LTFRB: Some jeepney drivers were forced to join transport strike
While transport group Piston claimed to have nearly paralyzed the country’s transport system on the first day of their two-day nationwide strike on Monday, the Land Transportation Franchising and Regulatory Board (LTFRB) said that it only had minimal effect that the group even had to resort to harassment and coercion.
LTFRB board member Aileen Lizada said that they have received reports from different jeepney drivers and operators who didn’t join Piston’s strike Monday that they were either being blocked from their trips or forced not to ply their routes.
In E. Rodriguez Avenue in Quezon City, Lizada said the drivers complained to them that their signages were being taken by the protesters. She noted that nine jeepney drivers in the area were even forced to return to their garage as they were being “harassed” to join the strike against the government’s modernization program.
“This should not be a strike where [drivers] are forced to join. They should spare those who don’t want to join,” Lizada said.
Piston rallied its members Monday for a two-day strike against the government’s plan to replace the old and dilapidated jeepneys with new commuter- and environment-friendly units.
George San Mateo, Piston’s national president, claimed success on the first day of their strike as they supposedly paralyzed majority of the country’s transport systems.
LTFRB data, however, showed the contrary. In the metro, of the 74 trucks and buses that were deployed, only 23 were dispatched by noon. This translated to 1,140 passengers of the estimated 10 million daily jeepney riders.
Elsewhere in the country, most LTFRB regional offices reported no disruption in transport services.
In anticipation of the strike, Malacañang suspended government work and classes in all levels on Monday. Lizada said that based on their assessment, they have recommended to Palace officials not to suspend government work and classes Tuesday, the last day of Piston’s strike.
Lizada pointed out that the suspension Monday was just a “preventive measure” from Malacañang, especially that the strike was mostly attended not by jeepney drivers and operators but members of various militant groups.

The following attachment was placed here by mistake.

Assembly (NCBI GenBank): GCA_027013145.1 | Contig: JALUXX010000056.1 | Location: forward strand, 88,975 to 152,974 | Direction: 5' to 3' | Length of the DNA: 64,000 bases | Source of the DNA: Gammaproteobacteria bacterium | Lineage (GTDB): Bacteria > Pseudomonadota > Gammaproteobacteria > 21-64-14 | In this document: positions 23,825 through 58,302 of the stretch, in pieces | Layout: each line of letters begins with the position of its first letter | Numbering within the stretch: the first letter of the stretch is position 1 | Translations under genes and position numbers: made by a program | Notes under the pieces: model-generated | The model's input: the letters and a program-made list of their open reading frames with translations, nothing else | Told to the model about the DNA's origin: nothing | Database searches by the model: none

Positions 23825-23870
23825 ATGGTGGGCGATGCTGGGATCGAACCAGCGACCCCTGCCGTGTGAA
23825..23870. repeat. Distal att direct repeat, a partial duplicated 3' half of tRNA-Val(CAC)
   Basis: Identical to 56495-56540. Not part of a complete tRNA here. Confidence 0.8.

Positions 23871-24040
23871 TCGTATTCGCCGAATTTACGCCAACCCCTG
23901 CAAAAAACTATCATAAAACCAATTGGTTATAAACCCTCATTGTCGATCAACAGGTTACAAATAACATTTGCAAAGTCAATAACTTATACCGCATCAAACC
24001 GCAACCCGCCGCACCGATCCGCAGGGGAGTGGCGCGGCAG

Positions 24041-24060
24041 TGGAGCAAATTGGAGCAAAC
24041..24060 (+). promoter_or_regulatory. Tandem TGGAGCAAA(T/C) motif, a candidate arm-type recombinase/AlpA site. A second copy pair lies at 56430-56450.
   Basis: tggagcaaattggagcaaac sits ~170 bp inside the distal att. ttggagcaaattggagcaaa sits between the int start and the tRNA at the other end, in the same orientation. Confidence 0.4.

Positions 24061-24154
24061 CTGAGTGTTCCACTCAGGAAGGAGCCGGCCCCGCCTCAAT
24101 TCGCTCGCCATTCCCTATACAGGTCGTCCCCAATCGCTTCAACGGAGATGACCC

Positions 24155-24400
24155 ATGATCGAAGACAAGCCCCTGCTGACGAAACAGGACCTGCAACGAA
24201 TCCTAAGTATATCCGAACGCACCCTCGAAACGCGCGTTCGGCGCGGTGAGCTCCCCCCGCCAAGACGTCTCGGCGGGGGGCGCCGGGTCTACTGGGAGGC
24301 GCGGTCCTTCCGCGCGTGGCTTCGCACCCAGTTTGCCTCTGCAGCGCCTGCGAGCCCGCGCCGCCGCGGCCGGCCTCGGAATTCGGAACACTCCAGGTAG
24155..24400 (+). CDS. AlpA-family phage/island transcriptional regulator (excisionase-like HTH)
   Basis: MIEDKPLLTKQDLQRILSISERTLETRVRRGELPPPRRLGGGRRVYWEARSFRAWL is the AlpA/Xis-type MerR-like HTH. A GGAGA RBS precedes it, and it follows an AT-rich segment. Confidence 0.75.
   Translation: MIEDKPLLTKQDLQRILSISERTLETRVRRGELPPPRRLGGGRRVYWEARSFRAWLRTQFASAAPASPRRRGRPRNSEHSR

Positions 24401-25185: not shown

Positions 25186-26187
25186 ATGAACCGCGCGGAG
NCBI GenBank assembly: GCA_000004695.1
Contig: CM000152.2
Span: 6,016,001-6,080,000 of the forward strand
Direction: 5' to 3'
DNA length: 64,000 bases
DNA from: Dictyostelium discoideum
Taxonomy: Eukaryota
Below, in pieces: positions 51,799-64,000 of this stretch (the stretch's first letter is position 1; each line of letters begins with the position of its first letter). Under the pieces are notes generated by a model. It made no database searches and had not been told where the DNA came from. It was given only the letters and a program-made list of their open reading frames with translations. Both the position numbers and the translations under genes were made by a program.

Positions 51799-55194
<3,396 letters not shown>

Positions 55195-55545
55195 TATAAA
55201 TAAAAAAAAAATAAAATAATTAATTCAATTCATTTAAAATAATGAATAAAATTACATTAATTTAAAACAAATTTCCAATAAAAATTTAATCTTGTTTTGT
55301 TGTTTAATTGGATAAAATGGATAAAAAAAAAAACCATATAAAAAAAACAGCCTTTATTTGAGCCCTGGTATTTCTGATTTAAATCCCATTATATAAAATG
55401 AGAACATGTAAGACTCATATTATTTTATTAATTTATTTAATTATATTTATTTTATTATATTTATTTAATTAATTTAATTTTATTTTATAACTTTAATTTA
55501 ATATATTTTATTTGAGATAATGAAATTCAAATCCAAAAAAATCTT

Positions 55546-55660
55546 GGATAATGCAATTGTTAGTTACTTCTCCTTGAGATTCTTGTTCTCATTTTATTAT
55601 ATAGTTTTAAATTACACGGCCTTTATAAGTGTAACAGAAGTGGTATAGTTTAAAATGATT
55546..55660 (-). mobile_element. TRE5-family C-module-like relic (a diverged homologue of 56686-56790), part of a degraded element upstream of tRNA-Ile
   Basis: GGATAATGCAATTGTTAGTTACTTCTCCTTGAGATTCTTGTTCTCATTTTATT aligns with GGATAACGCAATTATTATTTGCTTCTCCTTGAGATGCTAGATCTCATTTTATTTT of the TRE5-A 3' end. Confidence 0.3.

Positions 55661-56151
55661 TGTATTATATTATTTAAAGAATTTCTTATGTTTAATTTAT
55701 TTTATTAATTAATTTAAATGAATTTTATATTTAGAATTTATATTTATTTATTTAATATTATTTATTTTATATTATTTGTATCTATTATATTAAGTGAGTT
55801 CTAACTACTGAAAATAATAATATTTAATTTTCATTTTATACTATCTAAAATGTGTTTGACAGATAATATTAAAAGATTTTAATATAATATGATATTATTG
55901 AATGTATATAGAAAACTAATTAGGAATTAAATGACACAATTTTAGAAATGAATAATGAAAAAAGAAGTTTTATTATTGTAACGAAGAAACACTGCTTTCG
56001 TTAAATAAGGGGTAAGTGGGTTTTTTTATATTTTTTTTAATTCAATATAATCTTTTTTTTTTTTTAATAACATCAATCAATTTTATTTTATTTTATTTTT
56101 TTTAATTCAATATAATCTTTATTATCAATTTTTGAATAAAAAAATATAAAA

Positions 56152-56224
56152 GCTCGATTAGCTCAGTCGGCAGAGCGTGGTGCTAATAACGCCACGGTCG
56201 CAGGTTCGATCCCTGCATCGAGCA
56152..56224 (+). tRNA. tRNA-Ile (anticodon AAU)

Asked to elaborate, the LTFRB official said that the modernization program may have just been a cover of the groups “for whatever agenda they have.”
“It’s better to err on the safe side,” she said.
Among those who joined Piston were militant groups Kilusang Mayo Uno (KMU), Gabriela, Anakpawis and League of Filipino Students.
Lizada hit labor group KMU, which co-organized the strike, as she pointed out that the modernization program would in fact bring in more jobs, particularly in the manufacturing sector.
“If they are pro-labor why are they opposing this program that would generate employment?” she said.
She also belied the groups’ claim that the modernization program would raise the minimum jeepney fare to P20. She noted that there are still no discussions on it, and in fact a pending petition for a P2 fare hike has yet to be decided on.
Monday’s strike was the third to be spearheaded by Piston and the sixth in total to be held by those opposing the modernization program. Since the strike also affected the local bourse, Transportation Secretary Arthur Tugade expressed support to the filing of an economic sabotage case against Piston.
“They [are] selfish and small-minded. We want the Filipino public to be safe and have better transport system. Change is hard but must be done,” Tugade said in a text message to PSE’s Vivian Locsin, who recommended Piston “be charged [with] economic sabotage.”
After repeatedly calling on the government not to modernize jeepneys and just work on rehabilitating them, San Mateo changed tune recently and said that they are not against the modernization program but only to the corporatization of their industry. He alleged that because the new units can cost up to P1.6 million, this would only put in debt jeepney drivers and operators.
The Department of Transportation earlier signed an agreement with the Land Bank of the Philippines and the Development Bank of the Philippines to set up a financing mechanism that would help drivers through the transition. A subsidy of P80,000 would also be given to the drivers.
San Mateo said that he is not afraid of the government filing another case against him for mounting a transport strike, noting that he is simply responding to President Duterte’s challenge that they hold strikes against the modernization program.
He added that they are also just “exercising their constitutional right to air our grievances.”
Last month, the Land Transportation Franchising and Regulatory Board charged San Mateo of violating Commonwealth Act No. 146, or the Public Service Act, for the February jeepney strike. /je
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